Cognitive neuroscience seeks to find out how higher mental functions such as perception, memory, attention, emotion and decision-making are related to neural activity.
UCL Neuroscience has one of the largest
groupings of cognitive neuroscience researchers in the world. Their
research on how mental processes relate to the human brain spans both
health and disease and studies both children and adults. Progress in
cognitive neuroscience research depends on the availability of specific
tools and resources that allow researchers to provide converging
evidence from different experimental techniques.
At UCL, many powerful
and novel techniques are used to study mental processes in the human
brain behavioral experiments to study perception, thought and action;
functional imaging techniques such as functional magnetic resonance
imaging (fMRI) or magnetoencephalograhy (MEG) to study the brain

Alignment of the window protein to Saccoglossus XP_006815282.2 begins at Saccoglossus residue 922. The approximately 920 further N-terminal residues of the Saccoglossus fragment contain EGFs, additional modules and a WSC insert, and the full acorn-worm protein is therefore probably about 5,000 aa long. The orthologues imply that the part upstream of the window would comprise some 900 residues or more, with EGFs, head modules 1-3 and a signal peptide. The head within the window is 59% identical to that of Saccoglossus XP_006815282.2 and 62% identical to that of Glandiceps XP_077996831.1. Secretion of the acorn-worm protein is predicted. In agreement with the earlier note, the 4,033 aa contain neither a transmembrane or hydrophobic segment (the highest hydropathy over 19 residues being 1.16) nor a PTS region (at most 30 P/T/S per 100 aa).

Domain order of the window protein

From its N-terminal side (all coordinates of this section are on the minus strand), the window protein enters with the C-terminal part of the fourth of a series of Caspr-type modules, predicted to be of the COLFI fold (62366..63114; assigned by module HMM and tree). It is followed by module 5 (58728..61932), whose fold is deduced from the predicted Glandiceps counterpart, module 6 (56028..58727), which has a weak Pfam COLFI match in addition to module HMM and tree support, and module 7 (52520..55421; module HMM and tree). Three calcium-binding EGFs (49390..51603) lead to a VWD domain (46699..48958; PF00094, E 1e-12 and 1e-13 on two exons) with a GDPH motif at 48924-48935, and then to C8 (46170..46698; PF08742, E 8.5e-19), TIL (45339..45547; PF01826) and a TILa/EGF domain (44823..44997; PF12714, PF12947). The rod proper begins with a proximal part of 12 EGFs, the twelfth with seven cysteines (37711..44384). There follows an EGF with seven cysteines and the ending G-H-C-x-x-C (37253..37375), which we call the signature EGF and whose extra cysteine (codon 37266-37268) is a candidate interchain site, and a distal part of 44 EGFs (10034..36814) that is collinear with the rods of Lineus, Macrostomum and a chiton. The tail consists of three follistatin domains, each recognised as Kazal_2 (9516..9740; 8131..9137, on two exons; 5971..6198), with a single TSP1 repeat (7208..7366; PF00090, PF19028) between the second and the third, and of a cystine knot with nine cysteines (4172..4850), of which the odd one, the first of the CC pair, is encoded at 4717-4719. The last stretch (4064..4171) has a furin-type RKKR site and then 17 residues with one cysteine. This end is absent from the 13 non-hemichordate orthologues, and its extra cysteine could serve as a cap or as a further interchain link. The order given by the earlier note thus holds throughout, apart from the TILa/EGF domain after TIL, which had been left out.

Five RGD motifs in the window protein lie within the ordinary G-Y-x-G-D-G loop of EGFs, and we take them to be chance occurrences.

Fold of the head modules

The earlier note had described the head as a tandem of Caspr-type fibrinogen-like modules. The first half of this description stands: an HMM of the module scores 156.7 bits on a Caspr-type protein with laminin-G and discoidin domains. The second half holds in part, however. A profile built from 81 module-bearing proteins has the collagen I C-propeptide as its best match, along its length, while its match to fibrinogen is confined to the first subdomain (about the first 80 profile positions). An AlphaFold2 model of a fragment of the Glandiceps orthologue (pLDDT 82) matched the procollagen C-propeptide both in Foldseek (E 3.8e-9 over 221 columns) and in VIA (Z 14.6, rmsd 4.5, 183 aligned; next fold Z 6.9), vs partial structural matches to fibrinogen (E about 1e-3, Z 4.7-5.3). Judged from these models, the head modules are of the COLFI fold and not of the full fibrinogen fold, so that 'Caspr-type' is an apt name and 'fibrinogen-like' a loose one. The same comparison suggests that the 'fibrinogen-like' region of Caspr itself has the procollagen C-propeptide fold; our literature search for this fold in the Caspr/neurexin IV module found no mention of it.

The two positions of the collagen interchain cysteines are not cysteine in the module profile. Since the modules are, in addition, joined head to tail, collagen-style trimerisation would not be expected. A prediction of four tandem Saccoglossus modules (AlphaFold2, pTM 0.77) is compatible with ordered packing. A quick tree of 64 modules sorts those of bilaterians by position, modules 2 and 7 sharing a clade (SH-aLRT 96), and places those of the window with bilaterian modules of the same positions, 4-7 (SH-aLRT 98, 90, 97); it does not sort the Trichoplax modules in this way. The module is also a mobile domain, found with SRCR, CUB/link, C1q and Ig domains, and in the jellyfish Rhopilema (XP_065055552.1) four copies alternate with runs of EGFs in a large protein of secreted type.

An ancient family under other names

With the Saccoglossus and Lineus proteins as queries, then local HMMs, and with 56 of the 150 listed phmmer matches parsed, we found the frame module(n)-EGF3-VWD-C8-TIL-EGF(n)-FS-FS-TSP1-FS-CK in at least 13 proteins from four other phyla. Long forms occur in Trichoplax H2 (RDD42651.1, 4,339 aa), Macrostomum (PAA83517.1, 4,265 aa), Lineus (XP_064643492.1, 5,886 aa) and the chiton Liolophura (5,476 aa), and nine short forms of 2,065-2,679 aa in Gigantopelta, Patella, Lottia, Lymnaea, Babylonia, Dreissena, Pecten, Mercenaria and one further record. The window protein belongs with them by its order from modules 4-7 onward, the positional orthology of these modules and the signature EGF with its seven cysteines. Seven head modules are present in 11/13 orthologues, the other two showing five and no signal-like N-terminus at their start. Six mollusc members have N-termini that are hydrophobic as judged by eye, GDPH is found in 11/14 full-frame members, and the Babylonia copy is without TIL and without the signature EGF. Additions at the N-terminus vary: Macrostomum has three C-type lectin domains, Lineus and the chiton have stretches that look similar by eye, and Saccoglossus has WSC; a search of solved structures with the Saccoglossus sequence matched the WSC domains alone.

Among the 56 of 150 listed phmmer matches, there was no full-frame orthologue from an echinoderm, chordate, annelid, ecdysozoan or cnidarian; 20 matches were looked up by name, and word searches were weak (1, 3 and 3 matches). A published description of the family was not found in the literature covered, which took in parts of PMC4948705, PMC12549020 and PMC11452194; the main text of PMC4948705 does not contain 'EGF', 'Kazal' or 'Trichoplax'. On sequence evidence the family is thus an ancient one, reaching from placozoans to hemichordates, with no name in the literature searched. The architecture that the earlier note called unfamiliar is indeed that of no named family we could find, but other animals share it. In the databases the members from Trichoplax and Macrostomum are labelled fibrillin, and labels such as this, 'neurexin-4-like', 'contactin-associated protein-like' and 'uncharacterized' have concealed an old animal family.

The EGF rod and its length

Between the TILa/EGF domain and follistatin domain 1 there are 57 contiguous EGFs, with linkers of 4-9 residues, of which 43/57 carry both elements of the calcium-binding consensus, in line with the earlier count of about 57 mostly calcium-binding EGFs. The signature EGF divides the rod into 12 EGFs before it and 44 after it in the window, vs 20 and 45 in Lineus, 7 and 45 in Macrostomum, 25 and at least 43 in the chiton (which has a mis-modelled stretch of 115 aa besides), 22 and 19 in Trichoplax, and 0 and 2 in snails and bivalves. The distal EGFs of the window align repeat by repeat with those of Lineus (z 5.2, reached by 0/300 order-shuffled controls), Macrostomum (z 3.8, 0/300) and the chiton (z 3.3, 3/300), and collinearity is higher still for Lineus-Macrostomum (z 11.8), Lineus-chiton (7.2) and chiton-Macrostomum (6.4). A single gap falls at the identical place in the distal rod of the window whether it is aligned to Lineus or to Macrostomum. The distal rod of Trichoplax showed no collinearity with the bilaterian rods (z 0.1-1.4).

mechanisms underlying higher cognitive processes; transcranial magnetic
stimulation to probe the effects of transiently disrupting brain
function; and neuropsychological methods to investigate how brain
damage can impair cognitive function.
Cognitive neuroscience research takes place in many locations and clinical settings around UCL but two particular foci of activity are the Wellcome Trust Centre for Neuroimaging and the UCL Institute of Cognitive Neuroscience, both in Queen Square. The Wellcome Trust Centre for Neuroimaging is a large internationally recognized scientific centre of excellence for functional neuroimaging with three research-dedicated MRI scanners and an MEG suite used by researchers across UCL. The UCL Institute of Cognitive Neuroscience is a thriving interdisciplinary research centre that brings together cognitive neuroscience researchers from many different backgrounds across UCL with a common interest in understanding human brain function.